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Sectarian

This article concentrates on sectarianism as conflict between groups. For sectarianism as a characteristic of sects, see sect.

Sectarianism, according to one definition, is bigotry, discrimination, or hatred arising from attaching importance to perceived differences between subdivisions within a group, such as between different denominations of a religion, class, regional or factions of a political movement.

The ideological underpinnings of attitudes and behaviours labelled as sectarian are extraordinarily varied. Members of a religious or political group may believe that their own salvation, or the success of their particular objectives, requires aggressively seeking converts from other groups; adherents of a given faction may believe that for the achievement of their own political or religious project their internal opponents must be converted or purged.

Sometimes a group that is under economic or political pressure will kill or attack members of another group which it regards as responsible for its own decline. It may also more rigidly define the definition of "orthodox" belief within its particular group or organisation, and expel or excommunicate those who do not support this newfound clarified definition of political or religious 'orthodoxy'. In other cases, dissenters from this orthodoxy will secede from the orthodox organisation and proclaim themselves as practitioners of a reformed belief system, or holders of a perceived former orthodoxy. At other times, sectarianism may be the expression of a group's nationalistic or cultural ambitions, or exploited by demagogues.

The phrase "sectarian conflict" usually refers to violent conflict along religious or political lines such as the conflicts between Nationalists and Unionists in Northern Ireland (religious and class-divisions may play major roles as well). It may also refer to general philosophical, political disparity between different schools of thought such as that between Shia and Sunni Muslims. Non-sectarians espouse that free association and tolerance of different beliefs are the cornerstone to successful peaceful human interaction. They espouse political and religious pluralism.

Religious sectarianism

Main article: Sectarian violence among Muslims

Sectarianism is present throughout the world. Wherever people of different religions live in close proximity to each other, religious sectarianism can often be found in varying forms and degrees. In some areas, religious sectarians (for example Protestant and Catholic Christians) now exist peacefully side-by-side for the most part. Within Islam however, there has been conflict at various periods between Sunnis and Shias; Shi'ites consider Sunnis to be damned, due to their refusal to accept the first Caliph as Ali and accept all following descendants of him as infallible and divinely guided. Many Sunni religious leaders, including those inspired by Wahhabism and other ideologies have declared Shias to be heretics and/or apostates.[1]

The historical usage of the term sect in Christendom has had pejorative connotations, referring to a group or movement with heretical beliefs or practices that deviate from those of groups considered orthodox.[2]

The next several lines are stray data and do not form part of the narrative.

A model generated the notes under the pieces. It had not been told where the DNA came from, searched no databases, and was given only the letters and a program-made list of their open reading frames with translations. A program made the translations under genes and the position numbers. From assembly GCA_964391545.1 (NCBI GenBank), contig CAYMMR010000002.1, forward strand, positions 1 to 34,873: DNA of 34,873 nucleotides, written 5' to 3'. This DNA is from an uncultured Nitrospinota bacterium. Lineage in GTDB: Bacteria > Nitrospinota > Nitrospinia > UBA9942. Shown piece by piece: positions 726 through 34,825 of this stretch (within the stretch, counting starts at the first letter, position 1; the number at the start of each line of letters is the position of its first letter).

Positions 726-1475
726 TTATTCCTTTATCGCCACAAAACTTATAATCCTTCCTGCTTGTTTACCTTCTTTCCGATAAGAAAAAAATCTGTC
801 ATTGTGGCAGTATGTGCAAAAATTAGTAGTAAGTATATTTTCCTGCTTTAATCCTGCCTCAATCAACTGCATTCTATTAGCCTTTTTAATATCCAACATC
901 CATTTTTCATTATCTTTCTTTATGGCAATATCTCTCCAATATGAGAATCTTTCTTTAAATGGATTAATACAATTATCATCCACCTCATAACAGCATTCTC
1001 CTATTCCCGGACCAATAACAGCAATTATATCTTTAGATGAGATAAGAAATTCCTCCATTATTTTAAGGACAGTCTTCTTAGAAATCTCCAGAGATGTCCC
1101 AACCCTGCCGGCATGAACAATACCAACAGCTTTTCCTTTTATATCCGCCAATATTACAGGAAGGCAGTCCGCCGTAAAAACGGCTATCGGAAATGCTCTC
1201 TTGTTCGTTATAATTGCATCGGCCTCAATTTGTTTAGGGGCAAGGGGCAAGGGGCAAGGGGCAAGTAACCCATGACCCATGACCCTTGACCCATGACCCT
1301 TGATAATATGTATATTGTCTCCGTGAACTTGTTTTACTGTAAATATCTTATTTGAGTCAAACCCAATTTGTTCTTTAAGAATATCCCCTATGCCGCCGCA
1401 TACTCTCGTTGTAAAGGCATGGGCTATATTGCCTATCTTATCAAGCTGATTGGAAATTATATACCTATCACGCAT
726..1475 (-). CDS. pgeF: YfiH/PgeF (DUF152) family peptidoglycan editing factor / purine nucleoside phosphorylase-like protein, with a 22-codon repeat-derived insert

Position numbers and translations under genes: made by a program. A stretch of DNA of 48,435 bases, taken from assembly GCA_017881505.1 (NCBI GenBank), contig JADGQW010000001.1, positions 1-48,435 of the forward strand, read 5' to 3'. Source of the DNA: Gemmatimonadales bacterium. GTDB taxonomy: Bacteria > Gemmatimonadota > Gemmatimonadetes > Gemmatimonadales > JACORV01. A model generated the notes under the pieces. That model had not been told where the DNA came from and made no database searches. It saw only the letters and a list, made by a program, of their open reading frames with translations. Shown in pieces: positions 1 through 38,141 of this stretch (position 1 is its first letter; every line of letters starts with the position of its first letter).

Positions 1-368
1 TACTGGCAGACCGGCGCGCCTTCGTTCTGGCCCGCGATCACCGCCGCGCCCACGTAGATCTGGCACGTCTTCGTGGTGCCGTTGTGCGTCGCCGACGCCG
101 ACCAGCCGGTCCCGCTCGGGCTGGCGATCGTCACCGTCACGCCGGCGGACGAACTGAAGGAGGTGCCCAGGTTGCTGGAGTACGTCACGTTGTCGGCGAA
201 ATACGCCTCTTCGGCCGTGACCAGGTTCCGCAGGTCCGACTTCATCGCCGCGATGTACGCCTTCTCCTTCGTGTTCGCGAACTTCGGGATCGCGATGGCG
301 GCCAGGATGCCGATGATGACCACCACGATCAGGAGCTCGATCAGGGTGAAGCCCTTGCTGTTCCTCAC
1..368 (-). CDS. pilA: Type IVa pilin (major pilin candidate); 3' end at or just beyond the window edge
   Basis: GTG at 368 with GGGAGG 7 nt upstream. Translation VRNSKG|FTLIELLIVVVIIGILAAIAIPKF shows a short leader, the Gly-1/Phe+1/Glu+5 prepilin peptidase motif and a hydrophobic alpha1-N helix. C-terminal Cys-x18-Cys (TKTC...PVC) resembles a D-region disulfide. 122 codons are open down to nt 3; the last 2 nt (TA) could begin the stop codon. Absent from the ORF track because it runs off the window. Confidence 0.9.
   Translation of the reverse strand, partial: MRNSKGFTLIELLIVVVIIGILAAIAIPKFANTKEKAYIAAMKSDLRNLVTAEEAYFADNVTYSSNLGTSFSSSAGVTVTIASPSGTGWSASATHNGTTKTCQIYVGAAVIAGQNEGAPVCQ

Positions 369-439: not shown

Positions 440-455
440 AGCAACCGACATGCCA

Europe

See also: The Troubles, demographics and politics of Northern Ireland

Since the 12th century there has been sectarian conflict of varying intensity in Ireland. This religious sectarianism is connected to a degree with nationalism. This has been particularly intense in Northern Ireland since the early 17th century plantation of Ulster under James I. Sectarian tensions can be found in other regions of the British Isles to this day, including Scotland (with some fans of football clubs such as Celtic and Rangers indulging in sectarian chants) (see: Sectarianism in Glasgow), Liverpool, Birmingham and elsewhere.

Historically, some Catholic countries once persecuted Protestants as heretics. For example, the substantial Protestant population of France (the Huguenots) was expelled from the kingdom in the 1680s following the revocation of the Edict of Nantes. In Spain, the Inquisition sought to root out crypto-Jews but also crypto-Muslims (moriscos); elsewhere the Papal Inquisition held similar goals.

In most places where Protestantism is the majority or "official" religion, there have been examples of Catholics being persecuted. In countries where the Reformation was successful, this often lay in the perception that Catholics retained allegiance to a 'foreign' power (the Papacy), causing them to be regarded with suspicion. Sometimes this mistrust manifested itself in Catholics being subjected to restrictions and discrimination, which itself led to further conflict. For example, before Catholic Emancipation was introduced with the Catholic Relief Act of 1829, Catholics were forbidden from voting, becoming MP's or buying land in Ireland.

As of 2010, bigotry and discrimination in employment are usually restricted to a few places where extreme forms of religion are the norm, or in areas with a long history of sectarian violence and tension, such as Northern Ireland, especially in terms of employment; however, this is dying out in this jurisdiction, due to strictly-enforced legislation. Reverse discrimination now takes place in terms of employment quotas which are now applied. In places where more "moderate" forms of Protestantism (such as Anglicanism/Episcopalianism) prevail, the two traditions do not become polarized against each other, and usually co-exist peacefully. Especially in England, sectarianism is nowadays almost unheard of. However in Western Scotland (where Calvinism and Presbyterianism are the norm) sectarian divisions can still sometimes arise between Catholics and Protestants. Indeed, in the early years following the Scottish Reformation there was actually internal sectarian tension between Church of Scotland Presbyterians and 'High Church' Anglicans, whom they regarded as having retained too many attitudes and practices from the pre-Reformation Catholic era. Northern Ireland has introduced a Private Day of Reflection,[3] since 2007, to mark the transition to a post-[sectarian] conflict society, an initiative of the cross-community Healing through Remembering[4] organisation and research project.